Court of Appeal: Article 3 threshold still very high after Paposhvilli and the stringent “very compelling circumstances test” in deportation cases

The real value in The Secretary of State for the Home Department v PF (Nigeria) [2019] EWCA Civ 1139 (04 July 2019) lies in the Court of Appeal’s review, considerations and conclusions upon the relevant statutory provisions, Immigration Rules and caselaw as applicable to a case giving rise to both an Article 3 medical condition claim and Article 8 deportation appeal.

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Risk of psychological damage to deportee’s British child meets the “very compelling circumstances, over and above” high threshold test

Secretary of State for the Home Department v JG (Jamaica) [2019] EWCA Civ 982 (12 June 2019), is one of those few deportation appeal cases in the Court of Appeal, where a deportee convicted of a serious offence successfully resisted deportation; not merely because he had a British child residing in the UK, but because of the impact his deportation would have upon the child.

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Part 1 after KO(Nigeria): The Upper Tribunal weighs in on the unduly harsh test

“We make no apology for dwelling upon NA (Pakistan)”,  state the Upper Tribunal in RA (s.117C: “unduly harsh”; offence: seriousness) Iraq [2019] UKUT 123 (IAC) (4 March 2019) in a seeming mammoth judgement setting out, breaking down and applying the law relating to deportation of foreign nationals following the Supreme Court’s decision in KO (Nigeria) & Ors v Secretary of State for the Home Department (Respondent) [2018] UKSC 53

 

For those who have over the years managed to keep a close eye on caselaw relating to deportation of foreign nationals, the Upper Tribunal judgment is a “welcome” reminder of already known caselaw and principles. Those yet to catch up, are encouraged to do so. There is no escaping the avalanche of caselaw.

 

To add to matters, the Upper Tribunal chose on the same day, 11 April 2019, to publish yet more caselaw on deportation: MS (s.117C(6): “very compelling circumstances”) Philippines [2019] UKUT 122 (IAC) (4 March 2019).  As per paragraph 1 of RA : “In this appeal and that of MS (s.117C(6): “very compelling circumstances”) Philippines [2019] UKUT 00122 (IAC), which was heard consecutively, we consider how section 117C (Article 8: Additional considerations in cases involving foreign criminals) should be construed, following the judgment of the Supreme Court in KO (Nigeria) & Ors v Secretary of State for the Home Department [2018] UKSC 53”.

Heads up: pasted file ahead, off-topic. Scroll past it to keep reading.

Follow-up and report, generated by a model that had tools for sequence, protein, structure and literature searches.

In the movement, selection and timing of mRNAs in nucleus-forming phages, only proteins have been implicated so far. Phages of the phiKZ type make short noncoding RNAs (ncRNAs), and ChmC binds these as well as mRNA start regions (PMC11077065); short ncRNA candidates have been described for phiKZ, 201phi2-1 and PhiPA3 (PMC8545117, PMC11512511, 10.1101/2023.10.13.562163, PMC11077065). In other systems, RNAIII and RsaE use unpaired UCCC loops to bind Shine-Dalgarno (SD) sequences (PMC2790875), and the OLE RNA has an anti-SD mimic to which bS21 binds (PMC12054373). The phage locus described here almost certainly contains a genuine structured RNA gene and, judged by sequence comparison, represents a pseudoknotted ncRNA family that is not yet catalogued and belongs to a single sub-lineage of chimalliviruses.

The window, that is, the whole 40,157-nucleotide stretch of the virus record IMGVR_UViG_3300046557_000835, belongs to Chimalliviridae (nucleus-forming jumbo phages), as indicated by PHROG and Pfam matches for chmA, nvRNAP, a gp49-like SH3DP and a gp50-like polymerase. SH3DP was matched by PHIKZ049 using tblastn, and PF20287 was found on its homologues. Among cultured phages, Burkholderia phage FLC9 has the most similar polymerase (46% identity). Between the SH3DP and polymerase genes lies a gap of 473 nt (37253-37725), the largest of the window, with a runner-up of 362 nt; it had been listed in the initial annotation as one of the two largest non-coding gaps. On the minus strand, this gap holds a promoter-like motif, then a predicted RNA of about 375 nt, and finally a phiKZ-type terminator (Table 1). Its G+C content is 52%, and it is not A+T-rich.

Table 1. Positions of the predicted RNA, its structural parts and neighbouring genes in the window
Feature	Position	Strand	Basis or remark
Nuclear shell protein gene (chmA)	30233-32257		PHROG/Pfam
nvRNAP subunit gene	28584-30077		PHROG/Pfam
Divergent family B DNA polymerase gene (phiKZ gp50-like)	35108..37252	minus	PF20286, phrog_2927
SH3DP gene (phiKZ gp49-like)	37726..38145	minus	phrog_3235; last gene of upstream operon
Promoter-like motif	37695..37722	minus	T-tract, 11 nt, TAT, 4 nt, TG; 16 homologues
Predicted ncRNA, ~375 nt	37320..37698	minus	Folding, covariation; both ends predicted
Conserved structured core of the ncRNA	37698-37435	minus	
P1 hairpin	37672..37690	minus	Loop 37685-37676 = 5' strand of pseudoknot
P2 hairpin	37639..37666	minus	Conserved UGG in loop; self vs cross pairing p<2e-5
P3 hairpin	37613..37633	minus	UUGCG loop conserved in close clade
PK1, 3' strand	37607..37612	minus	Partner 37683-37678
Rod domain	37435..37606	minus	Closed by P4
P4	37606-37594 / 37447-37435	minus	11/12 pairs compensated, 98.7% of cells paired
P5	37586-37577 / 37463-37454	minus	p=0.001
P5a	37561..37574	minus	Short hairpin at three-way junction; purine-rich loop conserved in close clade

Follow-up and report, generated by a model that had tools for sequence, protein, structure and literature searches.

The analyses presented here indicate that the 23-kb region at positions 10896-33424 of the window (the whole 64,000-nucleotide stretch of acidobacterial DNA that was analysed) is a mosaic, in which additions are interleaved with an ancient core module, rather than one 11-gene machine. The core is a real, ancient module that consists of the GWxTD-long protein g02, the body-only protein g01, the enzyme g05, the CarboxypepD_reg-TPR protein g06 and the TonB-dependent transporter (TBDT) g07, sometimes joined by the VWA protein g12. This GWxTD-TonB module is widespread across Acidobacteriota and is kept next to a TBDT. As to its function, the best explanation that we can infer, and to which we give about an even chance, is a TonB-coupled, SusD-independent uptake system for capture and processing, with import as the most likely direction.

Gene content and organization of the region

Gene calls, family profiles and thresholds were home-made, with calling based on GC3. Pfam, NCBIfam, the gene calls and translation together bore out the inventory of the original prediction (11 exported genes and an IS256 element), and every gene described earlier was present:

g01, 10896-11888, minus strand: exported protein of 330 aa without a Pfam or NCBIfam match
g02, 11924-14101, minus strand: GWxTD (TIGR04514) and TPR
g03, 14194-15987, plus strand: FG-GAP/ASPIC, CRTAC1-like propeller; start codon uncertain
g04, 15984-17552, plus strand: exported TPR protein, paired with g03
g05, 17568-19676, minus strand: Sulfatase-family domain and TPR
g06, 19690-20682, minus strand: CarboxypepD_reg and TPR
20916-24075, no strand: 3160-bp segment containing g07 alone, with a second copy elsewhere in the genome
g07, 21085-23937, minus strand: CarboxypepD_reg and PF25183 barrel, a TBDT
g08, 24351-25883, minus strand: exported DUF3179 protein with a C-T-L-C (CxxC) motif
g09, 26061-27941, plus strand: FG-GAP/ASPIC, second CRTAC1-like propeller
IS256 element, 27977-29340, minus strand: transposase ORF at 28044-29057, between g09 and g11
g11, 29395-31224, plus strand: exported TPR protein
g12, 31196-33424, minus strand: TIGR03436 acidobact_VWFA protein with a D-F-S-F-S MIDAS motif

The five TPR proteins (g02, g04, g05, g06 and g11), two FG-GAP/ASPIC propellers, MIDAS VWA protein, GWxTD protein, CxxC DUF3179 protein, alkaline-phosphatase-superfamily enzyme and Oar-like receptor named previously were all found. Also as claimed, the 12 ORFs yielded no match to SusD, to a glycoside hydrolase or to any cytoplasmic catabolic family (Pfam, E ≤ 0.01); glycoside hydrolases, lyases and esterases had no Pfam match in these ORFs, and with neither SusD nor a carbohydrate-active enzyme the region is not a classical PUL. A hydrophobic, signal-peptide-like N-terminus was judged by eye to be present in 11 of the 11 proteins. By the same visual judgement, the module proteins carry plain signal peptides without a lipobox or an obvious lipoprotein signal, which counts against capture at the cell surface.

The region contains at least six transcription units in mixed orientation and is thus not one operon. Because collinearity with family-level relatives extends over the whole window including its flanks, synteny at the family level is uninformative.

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Part 2 after KO(Nigeria): “Very Compelling Circumstances” require regard to the seriousness of the offence and relevant public interest considerations

The blog post “ Part 1 after KO(Nigeria)”,  separately looks at how the Upper Tribunal in RA (s.117C: “unduly harsh”; offence: seriousness) Iraq [2019] UKUT 123 (IAC) (4 March 2019) set out its considerations on the unduly harsh test following KO (Nigeria) v Secretary of State for the Home Department [2018] UKSC 53. This first post therefore has regard to  the  issues arising in KO(Nigeria) as well as  setting out the extract provisions in “Section 117C Article 8: additional considerations in cases involving foreign criminals”.

 

In MS (s.117C(6): “very compelling circumstances”) Philippines [2019] UKUT 122 (IAC) (4 March 2019), the Upper Tribunal considered whether paragraphs 20 to 22 of the judgment of Lord Carnwath in KO (Nigeria) changed the way in which courts and tribunals must approach their task under section 117C(6) of the Nationality, Immigration and Asylum Act 2002.

 

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Court of Appeal approves Chege on “persistent offender”, sets out when a foreign criminal is socially and culturally integrated in the UK

The appeal in Binbuga (Turkey) v Secretary of State for the Home Department [2019] EWCA Civ 551 (04 April 2019) concerned the following:

 

 

  • whether TB was a “foreign criminal” as defined in Section 117D(2) of the Nationality, Immigration and Asylum Act 2002;

  • if so, whether Exception 1 in Section 117C(4) NIAA applies and

  • if not, whether the “very compelling circumstances” test is met

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